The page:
Tuesday, July 14

Using D&D 4e Skill Challenges in Solo Encounters

Dragon One of the greatest advantages D&D 3.5e has over D&D 4e is the implied set of options available in combat. D&D is a very good RPG system for combat, and has always excelled in that field.

3.5e introduced the flood of classes and races that we are all (I'm sure) familiar with. Each had a few unique mechanics, and each added it's own subtle layer to combat. Psionics would add an aspect to combat that fighters and wizards didn't have. Swordsages too. Each splatbook added a few new feats, classes, and thus a new dimension to combat.

4e, many complain, is designed to codify combat into a series of a similar actions. Your at-will, encounter and daily powers limit your character's capabilities, and thus your ability to be creative in combat.

In 3.5e, a tavern brawl might include kicking tables over, striking enemies with chairs, throwing mugs of ale (hopefully empty!), climbing under tables, hiding behind the bar, putting out torches to escape, and many more creative options. In 4e, you can Cleave or you can Reaping Strike. It feels like the game has had a lot of options sucked out.

Now, any good 4e advocate will tell you that it's nothing like that at all - in fact, they've properly set out damage according to level with a handy table in the DMG!

But something about powers smacks of “you're limited to using this, except in special cases”. And it's at least partially true - powers will suffice for most combats.

But the encounters I'd like to focus on are the epic ones - the ones where you're meant to think outside of the box. Solo encounters are the “boss fights” of 4e. They're meant to be hard. The potential for a TPK is meant to be an ever-present concern. And detractors from 4e point out that solo encounters are long, often monotonous as characters drop all their daily and encounter powers, then rinse-repeat at-will powers until one side dies.

This blog post is about proposing a new mechanic for solo encounters, inspired by computer games and novels.

Introducing the Use of Skills in Combat

Combat is described as a whirling mass of chaos - dodging, feinting, observing your opponent. The single discrete dice roll represents not a single strike, but a number of possible attacks - all the fighting that can happen in a six second round.

But a thinking warrior can make creative use of those six seconds. By combining non-combat actions with their normal offensive repertoire, they can “think outside of the box” and create opportunities in combat. In fighting computer games (particularly the FPS and 3PS fighting genres), we often see boss combats that are impossibly hard until an indirect attack is performed - sometimes, this will be a way to do additional damage, sometimes this will make the boss vulnerable for a short period of time.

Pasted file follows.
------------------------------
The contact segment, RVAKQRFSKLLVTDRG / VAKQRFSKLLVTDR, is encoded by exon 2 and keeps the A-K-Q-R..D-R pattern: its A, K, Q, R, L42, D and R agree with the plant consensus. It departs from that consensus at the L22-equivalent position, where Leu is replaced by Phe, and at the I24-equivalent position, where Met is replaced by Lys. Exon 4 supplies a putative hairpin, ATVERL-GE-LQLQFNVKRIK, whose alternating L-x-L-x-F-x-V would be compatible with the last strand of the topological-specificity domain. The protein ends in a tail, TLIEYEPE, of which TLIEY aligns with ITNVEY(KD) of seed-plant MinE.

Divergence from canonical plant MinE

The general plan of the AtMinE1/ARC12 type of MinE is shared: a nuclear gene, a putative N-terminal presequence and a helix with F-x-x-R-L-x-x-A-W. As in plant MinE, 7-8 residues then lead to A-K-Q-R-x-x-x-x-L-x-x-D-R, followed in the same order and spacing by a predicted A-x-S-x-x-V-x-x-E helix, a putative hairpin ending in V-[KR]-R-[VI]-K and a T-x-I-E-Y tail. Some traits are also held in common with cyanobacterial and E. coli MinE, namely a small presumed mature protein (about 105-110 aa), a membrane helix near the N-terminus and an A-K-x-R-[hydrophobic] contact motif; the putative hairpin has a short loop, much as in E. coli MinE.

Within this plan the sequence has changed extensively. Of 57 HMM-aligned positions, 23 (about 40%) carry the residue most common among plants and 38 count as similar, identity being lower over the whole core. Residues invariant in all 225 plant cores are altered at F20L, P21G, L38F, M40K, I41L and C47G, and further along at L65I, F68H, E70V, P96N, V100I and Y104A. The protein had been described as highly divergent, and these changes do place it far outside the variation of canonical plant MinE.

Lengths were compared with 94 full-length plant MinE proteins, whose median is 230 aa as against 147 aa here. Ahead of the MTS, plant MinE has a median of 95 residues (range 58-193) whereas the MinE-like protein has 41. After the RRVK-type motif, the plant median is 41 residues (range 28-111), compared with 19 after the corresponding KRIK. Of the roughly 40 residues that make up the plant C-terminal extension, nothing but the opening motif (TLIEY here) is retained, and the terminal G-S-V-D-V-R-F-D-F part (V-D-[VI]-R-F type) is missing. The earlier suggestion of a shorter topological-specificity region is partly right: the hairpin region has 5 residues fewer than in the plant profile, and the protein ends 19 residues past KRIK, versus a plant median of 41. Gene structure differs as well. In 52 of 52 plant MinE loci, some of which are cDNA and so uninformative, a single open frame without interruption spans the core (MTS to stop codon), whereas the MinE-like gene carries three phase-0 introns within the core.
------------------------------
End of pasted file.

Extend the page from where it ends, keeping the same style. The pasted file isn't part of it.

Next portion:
By introducing skill challenges into combat encounters, we can inject the reward for out-of-the-box thinking in too.

Obviously, the skill challenges will be context sensitive. If we introduce the idea of “climbing” a dragon (a series of athletics or acrobatics skill checks) to access a vulnerable spot, we cannot hope to apply the same mechanic to fighting a solo unique kobold. Using intimidate to cow the kobold into weaker attacks might work, but it wouldn't be successful against a bloodthirsty hill giant solo creature.

So instead, I propose adding skill challenges directly into monster's information block - unless the skill challenge is specific to a locale instead of a monster. Climbing a cliff (athletics skill check) to get a better shot with a bow would have to be dealt with by a canny and flexible DM.

The format I propose for altering monsters stat blocks is to add an extra section when describing the monster, below the “equipment section”. In it, the skill challenge will be listed by an emboldened skill challenge name (to hint to a DM how the skill challenge applies), followed by a comma separated list of skills relevant to the skill challenge, with an associated DC in brackets adjacent to the skill. The list is followed by two numbers divided by a slash, indicating the number of success or failures required to conclude the skill challenge. Finally, the word “Effect:” followed by the result of a successful skill challenge will be listed.

The initial concept for the skill challenges was to suggest that a skill challenge attempt was a move action, and each was isolated to individual characters (so characters could not contribute to other's skill challenges). This model was too simple, but the range of capabilities were diverse enough that - barring a few guidelines - it would be impossible to describe the full range of options. Instead, a power-like set of keywords and descriptors can be added to the skill challenge, but DMs have the choice of overriding these keywords should they wish to.

Some Examples

Here are some examples, using NPCs I've generated for various campaigns:


We can give you gold! [Diplomacy]” , Gottfried exclaimed as he dodged the shortsword, firing (and killing) a distant goblin. “Your comrades have abandoned you, and we have no need to finish this battle. [Intimidate] Lay down your sword and walk away”, ducking below a broad swipe. “Your kin have abandoned you, you have no reason to continue fighting [Bluff]”, Gottfried's words finally struck home. The goblin hesitated for a moment, and Gottfried continued “My friends and I stand victorious - there is no need for this to end in more bloodshed”. The goblin grunted. He turned to one side, shoved his shortsword six inches into the tree they had been fighting under, grabbed the pouch from Gottfried's belt... and walked away.


Obviously, the ability to end combat with words is powerful. There are already intimidate rules - but, especially for notably cowardly creatures, the ability to undermine their confidence should not only be at the end of a combat. Note the “Group Contribute” keyword indicates that more than one character can contribute to the skill challenge.